The gallery is the highest form of photographic collection and viewing. The first main reason for this is that upon entering a gallery, the viewer has removed themselves from all distraction or outside influence. There is no chance of being distracted by an e-mail popping up on the computer, there will be no calls from another room, there is no phone to answer; from the moment the viewer entered the door, the only task at hand is the appreciation of photographs. This change in setting adds to the change in mindset to make one open to truly experiencing and contemplating photographs.
Possibly the more important reason to visit a gallery besides just the change of space is that the print is the true medium of photography. Whether it is one a plate, created in a darkroom or printed from a digital file, photography, as an art form, is meant to be a physical print. Even beyond this idea that the nature of photography is most fully expressed through a print, there is also the added beauty of a print that cannot be reproduced in any other form. No matter how excellent a reproduction is made, an actual darkroom print that Ansel Adams made by hand is infinitely more beautiful and inspiring than one on a computer screen (and even in a book).
The print shows the true hand of the photographer. The object hanging on the wall was made by the photographer. It is not a reproduction. It is not a facsimile of the photographer's work. This is how they themselves created the photograph.
It is interesting how obvious this is within the realm of the visual arts in general while it has fallen away in photography. As an example, is it better to see the Mona Lisa in the Louvre or to see a photograph of it online? The online gallery shows the same picture, the colors are perfectly corrected, it is very high resolution so the viewer can actually look closer than they could in the museum. Still there is something lacking. It may look like the Mona Lisa but it is not the Mona Lisa. There is a value in seeing the actual piece of art. Even beyond that, one could find a beautiful rendering of the Sistine Chapel online. In this example, it is definitely easier to get a close look at all of the detail online. That being said, the painting is not about the brush strokes. By entering into the church and putting oneself right underneath the painting, a person can reach a much greater understanding and appreciation of the painting. It needs to be seen in its proper setting to form the true emotional bond. The same is true of a photograph. You have not seen the work of Ansel Adams (to return to the previous example) until you have stood in front of the prints he made with his own hands.
While the gallery may be the best opportunity to view photography in its true form, there are a few drawbacks. These can mainly be summed up as time and opportunity. In short, there may not be frequent chances for every individual interested in photography to frequent galleries. The answer to this is the building up of a personal photography library.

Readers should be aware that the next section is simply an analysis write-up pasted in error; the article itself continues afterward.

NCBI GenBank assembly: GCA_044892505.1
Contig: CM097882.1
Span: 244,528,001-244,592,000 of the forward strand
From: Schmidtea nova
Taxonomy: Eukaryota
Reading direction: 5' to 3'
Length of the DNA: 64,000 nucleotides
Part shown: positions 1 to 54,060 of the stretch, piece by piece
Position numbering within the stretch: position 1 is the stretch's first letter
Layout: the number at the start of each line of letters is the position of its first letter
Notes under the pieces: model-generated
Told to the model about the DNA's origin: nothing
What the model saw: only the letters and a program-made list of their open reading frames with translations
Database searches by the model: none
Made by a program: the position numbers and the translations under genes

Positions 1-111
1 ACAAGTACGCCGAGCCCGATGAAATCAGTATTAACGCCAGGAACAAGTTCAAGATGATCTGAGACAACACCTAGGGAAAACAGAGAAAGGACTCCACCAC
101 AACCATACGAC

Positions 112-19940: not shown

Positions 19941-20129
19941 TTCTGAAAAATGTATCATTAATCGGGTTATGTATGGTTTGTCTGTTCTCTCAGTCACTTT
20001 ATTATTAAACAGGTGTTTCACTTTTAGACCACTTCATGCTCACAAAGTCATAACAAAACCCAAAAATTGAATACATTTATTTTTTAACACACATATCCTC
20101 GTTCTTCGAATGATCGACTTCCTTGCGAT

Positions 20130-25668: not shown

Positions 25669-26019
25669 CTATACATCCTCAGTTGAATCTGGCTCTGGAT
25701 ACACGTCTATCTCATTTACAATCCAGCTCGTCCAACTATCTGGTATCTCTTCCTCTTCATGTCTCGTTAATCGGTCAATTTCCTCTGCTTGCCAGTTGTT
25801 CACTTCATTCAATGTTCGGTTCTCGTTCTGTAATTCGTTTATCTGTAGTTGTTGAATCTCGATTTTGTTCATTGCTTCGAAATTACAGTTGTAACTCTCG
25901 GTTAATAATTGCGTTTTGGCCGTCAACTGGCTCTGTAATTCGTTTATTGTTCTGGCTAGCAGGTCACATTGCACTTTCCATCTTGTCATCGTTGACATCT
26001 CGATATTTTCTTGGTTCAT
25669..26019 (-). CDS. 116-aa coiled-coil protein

Through ownership of a physical photograph (whether in the form of a print or a book) a deeper appreciation will build. This is true for a few different reasons. First of all, the atmosphere in which printed work is viewed is more conducive to contemplation than a computer screen. The change of space from where work is done (in front of the computer) to where relaxation is done (the living room, a couch, a favored chair etc) helps put the mind at ease. When looking through a collection of photographs, there is not a task that needs to be accomplished. The goal is not to get all the way through the collection so much as it is to appreciate the photographs. Through this approach, the viewer can look at a photograph, allow the mind to wander and connect to other things, turn the page, turn back and all around enjoy the experience.
There is a secondary reason for the benefit of a personal collection of photography books. The more a photograph is viewed, the more appreciation and layers of meaning can be added. Depending on the happenings of life and the spiritual or emotional state of the viewer, different photographs will have more or less impact at different points in time. By having constant access to the collection of photographs, the viewer will continue to add depth and meaning to the work as their perspective changes. The different emotional responses will help draw out the meaning that the photographer was trying to convey as well as connect the viewer to specific photographs.
The final point worth noting is that through ownership of a collection of books (as well as prints or plates etc) is that the photo enthusiast will have constant access to photographic inspiration. If one has a shelf full of photography books, it is not necessary to wait for the next exhibition to be near; there are always works on hand.